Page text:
5. Four Vedas: the sources of the philosophy of the in ancient India

The Vedas are considered to be the oldest literature in the world and the original source of the philosophy of life in ancient India. The study of these Vedas will give people a thorough understanding of not only the philosophy of life but also the overall structure of ancient Indian culture. Therefore, all the literature and philosophy of India, the Upanishads, Smritis and Pune recognize the superiority of the Vedas [9]. The Vedas occupies a very important place in Indian life. The foundation of Indian culture is the Vedas, the number of which is Rigveda, Samada, Yajuvda and Atavaveda [7, 8, 10]. The Vedas have their own characteristics. Through them, we can understand the culture, civilization, life and philosophy of the ancient Indian people. The Vedas symbolize the main goal of human life, which is pursued by the life-and-death world in the world. The Indian philosophy of life has never accepted that life is purposeless. Before introducing Vedas education in detail, it is necessary to make a brief assessment of these four Vedas, because the education of that period was based on them.

5.1 The Rig Veda

The Rig Veda is not only the earliest work of Hindus, but also the earliest work of all Indian European languages ​​and humans. It laid the foundation of Indian civilization built up by generations. Broadly speaking, it is based on a simple life and noble ideas. Some of Rig Veda’s prayers, such as the well-known Gayatri mantra found in Samaveda and Yajur Veda, touch the highest point of knowledge and have maintained the human soul. Rig Veda itself exhibits an evolution, and the history of Rig Veda is the history of the culture of that era.

5.2 Other Vedas

After Rigvida, three Samita schools appeared one after another, Sama, Yaju and Atkhwa. These Vedic studies ushered in a new kind of literature. The order of the hymns by Rigvida does not match the order of the sacrifices; there are so many hymns that have nothing to do with Miena or sacrifices. In contrast, among the Sama, Yaju, and Atalwa tribes, hymns follow closely in the order of sacrifice. The priest is constantly evolving. Later, higher education associates itself with the clergy and the etiquette aspects of religion. The educational curriculum for all students called Brahma is the same. Each of them must be proficient in the melodies of the scriptures and the ritual aspects of yajna.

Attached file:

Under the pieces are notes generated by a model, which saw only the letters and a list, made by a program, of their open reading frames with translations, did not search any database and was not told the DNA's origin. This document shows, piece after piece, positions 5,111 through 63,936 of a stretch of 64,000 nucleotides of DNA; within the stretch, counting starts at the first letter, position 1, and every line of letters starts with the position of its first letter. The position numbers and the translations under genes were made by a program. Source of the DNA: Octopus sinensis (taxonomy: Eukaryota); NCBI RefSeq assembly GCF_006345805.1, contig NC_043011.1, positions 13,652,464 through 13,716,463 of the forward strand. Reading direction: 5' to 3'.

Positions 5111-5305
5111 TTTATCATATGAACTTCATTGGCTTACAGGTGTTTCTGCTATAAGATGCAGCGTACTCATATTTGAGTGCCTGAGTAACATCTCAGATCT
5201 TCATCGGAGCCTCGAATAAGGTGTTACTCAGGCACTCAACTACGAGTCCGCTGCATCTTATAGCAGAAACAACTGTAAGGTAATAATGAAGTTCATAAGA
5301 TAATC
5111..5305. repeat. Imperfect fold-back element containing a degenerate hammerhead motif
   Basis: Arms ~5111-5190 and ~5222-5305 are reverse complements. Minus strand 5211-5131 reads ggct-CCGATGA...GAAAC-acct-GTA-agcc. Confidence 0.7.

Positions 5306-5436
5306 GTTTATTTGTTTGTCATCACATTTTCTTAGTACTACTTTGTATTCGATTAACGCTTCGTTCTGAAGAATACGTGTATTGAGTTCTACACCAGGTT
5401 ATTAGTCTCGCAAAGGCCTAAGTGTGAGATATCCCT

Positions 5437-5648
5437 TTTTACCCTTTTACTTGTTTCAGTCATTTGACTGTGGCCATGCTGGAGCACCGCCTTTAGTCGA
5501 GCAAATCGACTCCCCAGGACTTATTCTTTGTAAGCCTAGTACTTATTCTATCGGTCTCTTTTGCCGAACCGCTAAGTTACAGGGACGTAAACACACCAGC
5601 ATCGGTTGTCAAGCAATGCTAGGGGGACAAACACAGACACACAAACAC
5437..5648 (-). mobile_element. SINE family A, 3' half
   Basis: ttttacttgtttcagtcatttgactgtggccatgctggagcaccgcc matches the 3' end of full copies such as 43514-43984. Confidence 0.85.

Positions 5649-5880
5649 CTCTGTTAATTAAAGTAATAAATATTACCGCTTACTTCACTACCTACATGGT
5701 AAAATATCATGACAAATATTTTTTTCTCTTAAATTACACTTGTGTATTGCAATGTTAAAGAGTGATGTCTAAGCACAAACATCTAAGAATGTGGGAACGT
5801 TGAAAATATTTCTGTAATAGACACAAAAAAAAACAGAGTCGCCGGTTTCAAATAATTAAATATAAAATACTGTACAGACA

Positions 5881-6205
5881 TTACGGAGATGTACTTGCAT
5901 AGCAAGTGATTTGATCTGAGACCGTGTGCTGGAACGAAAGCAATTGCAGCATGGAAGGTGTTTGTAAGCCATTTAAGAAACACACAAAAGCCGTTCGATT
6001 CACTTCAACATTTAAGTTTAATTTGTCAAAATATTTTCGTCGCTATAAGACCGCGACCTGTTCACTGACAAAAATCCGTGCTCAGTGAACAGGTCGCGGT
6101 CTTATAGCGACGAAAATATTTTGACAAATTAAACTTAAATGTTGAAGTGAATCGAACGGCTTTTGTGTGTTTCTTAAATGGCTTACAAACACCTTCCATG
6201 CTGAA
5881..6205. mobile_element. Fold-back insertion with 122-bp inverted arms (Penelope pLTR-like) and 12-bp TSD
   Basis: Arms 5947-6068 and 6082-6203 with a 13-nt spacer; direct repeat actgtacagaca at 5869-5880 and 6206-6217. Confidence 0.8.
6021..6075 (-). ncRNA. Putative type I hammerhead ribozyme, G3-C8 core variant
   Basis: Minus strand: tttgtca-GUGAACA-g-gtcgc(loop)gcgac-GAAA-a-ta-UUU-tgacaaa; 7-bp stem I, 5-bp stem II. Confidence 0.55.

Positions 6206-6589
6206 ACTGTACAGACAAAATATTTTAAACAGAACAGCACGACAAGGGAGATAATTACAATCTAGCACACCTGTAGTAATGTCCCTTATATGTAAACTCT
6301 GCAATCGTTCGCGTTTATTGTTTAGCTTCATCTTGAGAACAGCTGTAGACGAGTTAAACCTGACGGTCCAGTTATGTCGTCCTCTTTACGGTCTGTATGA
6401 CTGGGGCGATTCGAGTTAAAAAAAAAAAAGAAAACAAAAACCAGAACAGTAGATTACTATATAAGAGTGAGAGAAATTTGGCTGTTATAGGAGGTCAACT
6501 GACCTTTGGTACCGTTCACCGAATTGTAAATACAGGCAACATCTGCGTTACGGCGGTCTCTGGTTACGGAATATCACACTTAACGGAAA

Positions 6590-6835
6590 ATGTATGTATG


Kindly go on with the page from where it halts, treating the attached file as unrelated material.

However, with the passage of time, due to the increasingly complex nature of the form of sacrifice, people strongly felt the necessity of division of labor, because no single pastor was expected to specialize in the three aspects of yajna.

5.2.1 The Sama Veda

The compilation of all hymns quoted on the occasion of Soma Yajna is called “Sama Veda”.

5.2.2 The Yajur Veda

Yajur Veda is a collection of prose mantras. Although Hotri is responsible for singing hymns during sacrifices, the first class of priests is the hymns sung by Adhvaryus, which is closely related to the dedication activities. Therefore, a separate training school was established to educate these priests. India’s basic prose literature culminates in the Upanishads, while it exists in basic forms in Yajurveda. We caught a glimpse of the religious and secular aspects of Indian life in Yajurveda.

5.2.3 The Atharvaveda

In the beginning, only three Vedas were welcomed. Over time, the fourth Veda was also called Atarvaveda. Its content is more original. Unlike the previous Vedas, most of the mantras in this Vedas are not adapted from Rig Vida. Atharvaveda has a distinct secularity, vivid descriptions of various arts and sciences.


6. Teacher Pupil’s relations

In the Indian concept, the teacher is the spiritual and intellectual father of the taught. Without the help of teachers, it is impossible to carry out any education. He is considered a “guru”, a friend, a philosopher and a guide [10]. If they are poor, the teacher should arrange boarding, accommodation and clothes for the students. Fees are a clear example of such maintenance by teachers. This is a moral obligation for teachers. The teacher must begin to educate his students within one year of his coming. In addition, the teacher is required to teach his disciples everything he knows.

The Hindu theory is that teachers should be paid only at the end of the entire course. It is called “Guru Dakshina” [9, 10, 11, 12]. Of course, teachers have the freedom to refuse. The actual amount of teacher’s remuneration depends on the guardian’s ability. Poor students cannot afford to pay any remuneration for housework, including various manual tasks such as fetching water and collecting wood from the jungle for sacred fire. The poorest of the poor can receive education from teachers. Ancient educational theories and practices prohibit teachers from charging students any fixed fees. Therefore, teachers in ancient India did not have a fixed income. Both Hindus and Buddhist thinkers believe that the relationship between teachers and students is very filial.


7. Present perspective of education